Pace & Tone – Research

Here is some research I’ve done into a couple of artists who I think really capture the essence of their writing in the visuals. The way they use text is beautiful and unique to them, something I’d love to have myself.

Womens World by Graham Rawle

Graham Rawle

Rawle is a writer, artist and designer. His most famous piece of work, Women’s World, is a ‘collaged novel created entirely from fragments of found text clipped from vintage women’s magazines.’ ‘It has been reassembled to tell the 1962 story of Roy, and his sister Norma’s struggle to live up to the prescribed ideals of feminine perfection’.

I was really inspired by this book because the previous project I’d been working with clippings of old Womens magazine. The way Rawle cuts into the pages is like a ransom note, it has an underlining sinister tone. The book took Rawle 5 years to create which gave him plenty of time to really think out the correct layout for the text. The rags in the book are so neat and the overall aesthetic is so beautifully thought out. The neatness could be a reference to Norma’s struggle to live up to female beauty. The larger bolder text showing that women can’t be a perfect model men wanted them to be and that women are allowed to be rough around the edges. Creating the book out of this particular magazine could also a reference to this ‘female perfection’ aspect, in the original magazine it is heavily focused on pleasing men and beauty. The book is extremely thought-provoking and I’d love to own it one day.

Dictionary Story Print by Sam WinstonSam Winston 

Winston’s work is ‘concerned with language not only as a carrier of messages but also as a visual form in and of itself’. Mostly he works with typography but now has different working methods such as drawing, performance and poetry.

The piece I’m looking at is one called the Dictionary Story book, it ‘re-imagines versions of the dictionary as a concrete poem’.  He mentions that more than half of language is silent and ‘it has to be framed within space’ and this ‘space lets meaning exist’. This is really interesting to see an artist really appreciate negative space, I am a lover of space and letting things breath. The book is ‘typographical romance, filled with wit and tenderness’. The elegantly placed type is stunning and creates lines for the audiences eyes to follow. The layout is a story for the eyes and the text is a story for the mind, connecting both senses which I think is so clever. The shapes made could be seen as anything you want to see, this makes the book super unique to each person. I think the juxtaposition of lined type to muddled is amazing, it makes the page look as if its melting this gives a sense of what the text is about.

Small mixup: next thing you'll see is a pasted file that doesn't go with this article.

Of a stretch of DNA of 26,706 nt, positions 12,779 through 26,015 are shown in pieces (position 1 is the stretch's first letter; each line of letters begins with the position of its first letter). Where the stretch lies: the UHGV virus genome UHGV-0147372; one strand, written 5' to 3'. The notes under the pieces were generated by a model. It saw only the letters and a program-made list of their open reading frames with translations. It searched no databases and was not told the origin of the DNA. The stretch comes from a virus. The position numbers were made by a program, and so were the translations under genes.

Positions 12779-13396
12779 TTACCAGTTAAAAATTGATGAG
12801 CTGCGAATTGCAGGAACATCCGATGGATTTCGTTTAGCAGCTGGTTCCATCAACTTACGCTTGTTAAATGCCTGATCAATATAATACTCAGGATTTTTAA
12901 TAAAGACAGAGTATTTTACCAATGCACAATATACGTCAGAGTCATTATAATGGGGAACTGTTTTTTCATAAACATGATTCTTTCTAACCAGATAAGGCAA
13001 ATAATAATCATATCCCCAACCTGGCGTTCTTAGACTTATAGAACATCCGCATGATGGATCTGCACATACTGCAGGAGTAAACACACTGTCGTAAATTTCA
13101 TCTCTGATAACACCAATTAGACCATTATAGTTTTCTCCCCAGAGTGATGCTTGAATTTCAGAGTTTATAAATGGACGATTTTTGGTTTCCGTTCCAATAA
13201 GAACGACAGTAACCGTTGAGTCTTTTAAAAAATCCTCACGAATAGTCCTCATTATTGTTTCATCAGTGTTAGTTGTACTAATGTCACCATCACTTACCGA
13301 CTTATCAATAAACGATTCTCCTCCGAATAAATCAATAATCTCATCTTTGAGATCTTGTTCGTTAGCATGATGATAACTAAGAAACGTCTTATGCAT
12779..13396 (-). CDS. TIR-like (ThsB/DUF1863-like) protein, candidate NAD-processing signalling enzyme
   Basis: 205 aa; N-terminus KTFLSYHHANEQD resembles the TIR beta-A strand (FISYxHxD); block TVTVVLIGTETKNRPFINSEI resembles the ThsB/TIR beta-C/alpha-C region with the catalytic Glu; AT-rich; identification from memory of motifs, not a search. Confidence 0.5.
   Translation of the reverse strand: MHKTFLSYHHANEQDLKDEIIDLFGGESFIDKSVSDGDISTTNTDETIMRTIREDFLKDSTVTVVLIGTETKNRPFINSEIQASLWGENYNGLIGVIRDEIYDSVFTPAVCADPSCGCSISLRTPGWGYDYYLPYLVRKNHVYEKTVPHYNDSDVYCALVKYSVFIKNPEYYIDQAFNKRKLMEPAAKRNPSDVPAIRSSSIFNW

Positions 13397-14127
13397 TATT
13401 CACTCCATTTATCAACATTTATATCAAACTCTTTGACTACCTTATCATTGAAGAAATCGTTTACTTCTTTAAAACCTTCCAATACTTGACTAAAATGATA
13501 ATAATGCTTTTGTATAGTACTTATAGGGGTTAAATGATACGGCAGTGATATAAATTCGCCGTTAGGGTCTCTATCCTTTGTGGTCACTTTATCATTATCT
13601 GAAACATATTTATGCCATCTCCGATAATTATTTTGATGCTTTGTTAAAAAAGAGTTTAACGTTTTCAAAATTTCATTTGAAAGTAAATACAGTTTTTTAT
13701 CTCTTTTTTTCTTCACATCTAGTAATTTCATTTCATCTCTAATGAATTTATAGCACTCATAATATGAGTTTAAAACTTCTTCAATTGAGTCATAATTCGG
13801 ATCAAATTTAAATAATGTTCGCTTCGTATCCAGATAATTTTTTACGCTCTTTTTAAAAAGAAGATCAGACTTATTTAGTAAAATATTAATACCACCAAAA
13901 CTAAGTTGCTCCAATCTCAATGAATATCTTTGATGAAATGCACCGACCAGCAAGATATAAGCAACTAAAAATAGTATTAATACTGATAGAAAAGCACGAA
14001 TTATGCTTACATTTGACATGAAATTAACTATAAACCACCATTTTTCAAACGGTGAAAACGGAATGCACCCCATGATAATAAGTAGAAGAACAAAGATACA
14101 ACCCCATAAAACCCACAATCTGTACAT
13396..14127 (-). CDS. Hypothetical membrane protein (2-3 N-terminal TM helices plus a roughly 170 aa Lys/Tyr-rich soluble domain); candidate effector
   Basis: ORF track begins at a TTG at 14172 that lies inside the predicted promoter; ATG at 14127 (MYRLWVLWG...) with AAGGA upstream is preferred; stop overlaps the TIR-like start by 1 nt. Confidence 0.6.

lettering15.pngMarion Deuchars 

Deuchars is an ‘award-winning illustrator who publishes children’s books and has created a much-loved style of hand-lettering’. She uses her hand rendered type in a multitude of different ways to express different messages.

The piece I’m looking at is an advertisement for Ford. She uses her different writing styles to emphasis certain points. The diary format and overall style makes the outcome feel homemade and comforting. Paired with the tea stains it’s very ‘down to earth’, unlike the others I’ve looked at. She’s emphasised the  text that would have been spoken louder by enlarging it and changing typeface. The size is almost comparative to how she may have spoken it. It is a very complex piece, it feels slightly angry or stressful in some points as she enlarges the phrase ‘stop fighting’. Perhaps its to sympathise with other working mums on how stressful a monday morning can be, connecting on a personal level with your audience is a common form of advertisement so this is what we could be seeing here.

Things I want to take away from my research 

Something that really inspired me was Rawle’s use of reused type which gave a whole new meaning to his piece. He used the history of the magazine to work with the message of the story which I think is so clever. I also love the layout of his pages, the fact that he has these very structured paragraphs with lots of open space. This is something that Winston talks about aswell and I want to take this philosophy and portray it in my own work. By doing this I hopefully want to use the negative space to my advantage and have it help show the essence of the poem. Lastly I felt really inspired by Winston’s use of juxtaposition. The way the type contradicts each other and for a second looks almost normal. This is a really clever technique, I feel, and hope to show this in my own poster. My next step after this is getting down all my ideas and start visualising what the poem actually means.


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